Ethnic identity of the condemned persons has been underlined regularly because racist problem is often raised by who critics US judiciary system. Afro-American are 12% of population, but since 1976 executions regarded for 34% black people. Trend isn’t bound to reverse: 41% of current US death row’s inmates are blacks. More relevant is the victim’s race, since doesn’t work the objection that, perhaps, blacks commit more crimes than whites. Even if murder’s victims were half whites and half blacks, since 1976 80% of death warrants are made provision for murder of a white person.
Homicide is not the only offense that could be punished by death in the United States of America: are liable to capital punishment also treason, espionage, terrorism, rape, kidnapping, hijacking, drug smuggling and perjury. The last condemned killed for a crime different from murder was 38 years old James Coburn, put on an electric chair in 1964 for robbery. Demarcus Sears, currently detained in Georgia, may soon steal him the not enviable record, lying in wait of execution for aggravated kidnapping.
Those few lines don’t aim to raise the problem of whether death penalty is acceptable or not. On this matter a large debate exists, with conflicting opinions. What disturbs is the difference of interest, judgment and attitude that Italian (and generally Western) public opinion shows in front of similar cases, but regarding different countries. Sakineh Ashtiani affair resembles strongly to that of Teresa Lewis: both helped the respective lover to kill their husbands. Some elements, however, lead to think that the Lewis case should be considered overriding by death penalty’s opponents. In fact, Ms. Lewis is dying those very hours, while Ashtiani case is still being examined by the investigating officers, and there is the possibility that she will be acquitted. It could be added that Ms. Lewis is mentally handicapped, unlike Ms. Ashtiani, and that constitutes a sort of extenuation in many countries’ jurisprudence.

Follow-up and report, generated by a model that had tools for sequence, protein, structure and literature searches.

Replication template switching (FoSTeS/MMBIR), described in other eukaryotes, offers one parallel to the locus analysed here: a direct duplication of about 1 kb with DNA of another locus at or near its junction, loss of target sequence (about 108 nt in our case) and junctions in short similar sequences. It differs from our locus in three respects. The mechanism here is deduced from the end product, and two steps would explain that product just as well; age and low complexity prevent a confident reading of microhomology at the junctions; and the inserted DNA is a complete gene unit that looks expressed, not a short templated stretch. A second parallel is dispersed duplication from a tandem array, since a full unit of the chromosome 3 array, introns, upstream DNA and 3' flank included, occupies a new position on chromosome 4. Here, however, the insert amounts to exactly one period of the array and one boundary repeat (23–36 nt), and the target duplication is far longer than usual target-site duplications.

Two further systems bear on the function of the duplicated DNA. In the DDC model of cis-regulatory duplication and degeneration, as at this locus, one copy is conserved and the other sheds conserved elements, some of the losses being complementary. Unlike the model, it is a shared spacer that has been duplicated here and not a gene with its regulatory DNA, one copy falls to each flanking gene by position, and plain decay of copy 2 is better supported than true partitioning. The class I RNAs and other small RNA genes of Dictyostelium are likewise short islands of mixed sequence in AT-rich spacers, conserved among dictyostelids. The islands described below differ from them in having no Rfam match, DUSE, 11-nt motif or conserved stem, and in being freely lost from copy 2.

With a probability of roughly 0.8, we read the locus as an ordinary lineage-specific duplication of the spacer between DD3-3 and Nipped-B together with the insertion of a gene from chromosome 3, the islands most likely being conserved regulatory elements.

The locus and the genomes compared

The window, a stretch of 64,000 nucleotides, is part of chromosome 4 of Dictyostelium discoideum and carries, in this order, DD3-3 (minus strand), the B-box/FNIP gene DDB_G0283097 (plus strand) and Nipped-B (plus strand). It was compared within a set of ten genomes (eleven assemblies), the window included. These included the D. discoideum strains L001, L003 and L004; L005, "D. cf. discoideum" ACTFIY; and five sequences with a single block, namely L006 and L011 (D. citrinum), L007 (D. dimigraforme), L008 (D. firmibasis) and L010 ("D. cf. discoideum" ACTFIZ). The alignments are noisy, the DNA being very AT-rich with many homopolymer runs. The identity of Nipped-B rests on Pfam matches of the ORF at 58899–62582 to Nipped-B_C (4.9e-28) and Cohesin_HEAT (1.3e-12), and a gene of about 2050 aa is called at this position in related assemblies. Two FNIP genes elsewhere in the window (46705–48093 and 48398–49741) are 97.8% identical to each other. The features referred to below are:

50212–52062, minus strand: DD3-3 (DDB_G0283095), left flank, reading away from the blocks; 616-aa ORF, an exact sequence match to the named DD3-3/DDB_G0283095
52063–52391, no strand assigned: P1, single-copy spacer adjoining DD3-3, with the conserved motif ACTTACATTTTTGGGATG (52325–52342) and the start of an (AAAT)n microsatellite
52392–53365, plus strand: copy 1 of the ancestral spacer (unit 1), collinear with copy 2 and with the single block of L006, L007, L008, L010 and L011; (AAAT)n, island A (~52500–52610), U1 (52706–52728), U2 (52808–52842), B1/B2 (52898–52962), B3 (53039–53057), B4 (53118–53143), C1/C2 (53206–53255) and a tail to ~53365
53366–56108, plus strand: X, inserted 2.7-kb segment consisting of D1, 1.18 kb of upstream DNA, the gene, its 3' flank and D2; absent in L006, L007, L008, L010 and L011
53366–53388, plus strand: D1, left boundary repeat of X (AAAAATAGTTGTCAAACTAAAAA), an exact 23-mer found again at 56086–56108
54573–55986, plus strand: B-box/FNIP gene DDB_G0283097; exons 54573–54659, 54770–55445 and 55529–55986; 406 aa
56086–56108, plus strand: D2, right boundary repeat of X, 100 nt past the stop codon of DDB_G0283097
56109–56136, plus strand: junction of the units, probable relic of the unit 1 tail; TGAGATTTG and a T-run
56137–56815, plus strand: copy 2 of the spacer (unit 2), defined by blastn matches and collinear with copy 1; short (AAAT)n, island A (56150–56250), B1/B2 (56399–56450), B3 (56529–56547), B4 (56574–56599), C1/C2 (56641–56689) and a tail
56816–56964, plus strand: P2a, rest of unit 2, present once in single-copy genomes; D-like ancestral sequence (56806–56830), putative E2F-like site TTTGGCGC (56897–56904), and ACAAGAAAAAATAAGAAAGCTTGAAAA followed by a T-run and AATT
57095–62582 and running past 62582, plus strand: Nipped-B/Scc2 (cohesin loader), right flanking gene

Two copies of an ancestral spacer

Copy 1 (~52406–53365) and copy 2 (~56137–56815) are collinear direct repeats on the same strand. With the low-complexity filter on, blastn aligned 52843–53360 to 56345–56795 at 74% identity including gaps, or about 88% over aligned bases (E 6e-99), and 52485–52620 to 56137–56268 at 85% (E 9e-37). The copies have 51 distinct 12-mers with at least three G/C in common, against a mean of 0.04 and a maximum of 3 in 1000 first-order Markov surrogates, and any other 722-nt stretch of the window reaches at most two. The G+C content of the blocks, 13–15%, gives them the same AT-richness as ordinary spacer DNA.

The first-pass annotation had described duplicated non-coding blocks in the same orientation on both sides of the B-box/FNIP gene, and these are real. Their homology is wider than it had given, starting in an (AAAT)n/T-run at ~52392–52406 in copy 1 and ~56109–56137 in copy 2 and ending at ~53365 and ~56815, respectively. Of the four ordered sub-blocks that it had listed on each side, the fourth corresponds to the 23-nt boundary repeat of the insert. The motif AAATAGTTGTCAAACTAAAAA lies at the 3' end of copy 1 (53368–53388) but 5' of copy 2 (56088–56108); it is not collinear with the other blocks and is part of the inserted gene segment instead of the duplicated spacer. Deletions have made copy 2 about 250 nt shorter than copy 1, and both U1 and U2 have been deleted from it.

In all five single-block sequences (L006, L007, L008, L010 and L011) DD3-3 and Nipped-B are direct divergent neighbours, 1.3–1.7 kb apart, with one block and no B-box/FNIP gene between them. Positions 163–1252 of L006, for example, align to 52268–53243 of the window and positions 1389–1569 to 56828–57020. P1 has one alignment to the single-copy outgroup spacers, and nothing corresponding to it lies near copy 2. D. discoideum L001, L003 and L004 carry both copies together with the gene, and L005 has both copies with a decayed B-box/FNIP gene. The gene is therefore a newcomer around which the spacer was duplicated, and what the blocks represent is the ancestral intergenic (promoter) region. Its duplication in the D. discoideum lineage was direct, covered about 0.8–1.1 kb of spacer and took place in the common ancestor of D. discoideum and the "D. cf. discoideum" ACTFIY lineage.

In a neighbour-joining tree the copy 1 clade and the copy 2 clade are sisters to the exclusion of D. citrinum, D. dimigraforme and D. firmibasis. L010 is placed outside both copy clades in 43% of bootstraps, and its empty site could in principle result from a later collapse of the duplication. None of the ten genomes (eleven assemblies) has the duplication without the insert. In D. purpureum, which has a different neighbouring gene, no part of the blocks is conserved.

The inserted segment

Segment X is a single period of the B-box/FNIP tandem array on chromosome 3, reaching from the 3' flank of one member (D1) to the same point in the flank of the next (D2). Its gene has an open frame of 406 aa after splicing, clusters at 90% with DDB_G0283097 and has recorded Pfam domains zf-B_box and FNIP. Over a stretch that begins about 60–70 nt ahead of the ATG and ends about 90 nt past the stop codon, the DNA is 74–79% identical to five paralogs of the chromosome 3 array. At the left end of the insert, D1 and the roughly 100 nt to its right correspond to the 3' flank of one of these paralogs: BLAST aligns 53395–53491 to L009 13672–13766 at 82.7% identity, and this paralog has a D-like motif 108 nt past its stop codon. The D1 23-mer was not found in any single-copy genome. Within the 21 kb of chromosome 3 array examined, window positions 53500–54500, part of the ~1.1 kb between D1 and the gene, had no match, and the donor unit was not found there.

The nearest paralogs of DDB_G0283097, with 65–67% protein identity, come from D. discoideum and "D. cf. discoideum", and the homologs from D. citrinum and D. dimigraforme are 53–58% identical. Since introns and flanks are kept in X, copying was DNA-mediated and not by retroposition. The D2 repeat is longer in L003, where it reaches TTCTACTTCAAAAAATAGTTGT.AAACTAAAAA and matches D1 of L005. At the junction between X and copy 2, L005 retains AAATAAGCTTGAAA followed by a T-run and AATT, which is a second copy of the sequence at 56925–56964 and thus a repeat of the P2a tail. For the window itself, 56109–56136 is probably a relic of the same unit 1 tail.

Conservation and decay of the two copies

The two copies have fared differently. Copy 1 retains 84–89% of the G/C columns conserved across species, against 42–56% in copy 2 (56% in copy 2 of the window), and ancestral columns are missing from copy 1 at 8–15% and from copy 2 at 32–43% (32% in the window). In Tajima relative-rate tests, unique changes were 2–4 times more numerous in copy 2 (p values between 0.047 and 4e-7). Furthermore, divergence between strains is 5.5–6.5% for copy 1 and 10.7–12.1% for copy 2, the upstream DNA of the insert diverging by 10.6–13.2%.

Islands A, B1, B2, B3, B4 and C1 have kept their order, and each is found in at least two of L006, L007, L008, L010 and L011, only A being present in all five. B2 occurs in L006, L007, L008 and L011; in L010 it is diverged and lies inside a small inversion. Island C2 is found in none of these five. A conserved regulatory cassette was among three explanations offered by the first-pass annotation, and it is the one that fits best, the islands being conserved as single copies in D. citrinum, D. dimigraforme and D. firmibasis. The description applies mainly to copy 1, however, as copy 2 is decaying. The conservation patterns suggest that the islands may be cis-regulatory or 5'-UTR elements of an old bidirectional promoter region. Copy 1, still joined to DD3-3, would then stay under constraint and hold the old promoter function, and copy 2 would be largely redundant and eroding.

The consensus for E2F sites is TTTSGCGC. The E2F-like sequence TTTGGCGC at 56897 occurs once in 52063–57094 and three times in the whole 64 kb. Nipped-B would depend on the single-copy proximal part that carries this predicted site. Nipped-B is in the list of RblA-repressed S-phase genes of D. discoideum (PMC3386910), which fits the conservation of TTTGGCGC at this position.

Yet, every or almost every voices have raised only for Ms. Ashtiani. What have determined that difference of treatment, such reversal of logical priorities? Supposedly, mass media behavior. Lewis case have crossed US borders only in the last days, whereas that of Ashtiani has been holding court for weeks. Moreover, either for incompetence or for bad faith, several journalistic inaccuracies were made in telling the Iranian affair.
Still now some reporter maintain that Sakineh Ahstiani would have been “condemned” (in fact, final verdict is still to come) for “adultery” (in fact, for complicity in a murder) to “stoning” (in fact, she’s facing hanging, because since 2002 there is a moratorium in Iran on that particularly brutal and loathsome form of execution). There’s no difficulty in understanding why leading media of NATO countries have given so much emphasis (and distortion) to Ashtiani affair, while with unbelievable coldness they have been silent of Lewis case until a few days before execution. There’s no difficulty in understanding why Western public opinion easily mobilize to defend a condemned in a Muslim country, but ignore her counterpart in a Christian one. Because it is easier to see the straw in someone else’s eye, that admit to have a beam in one’s own.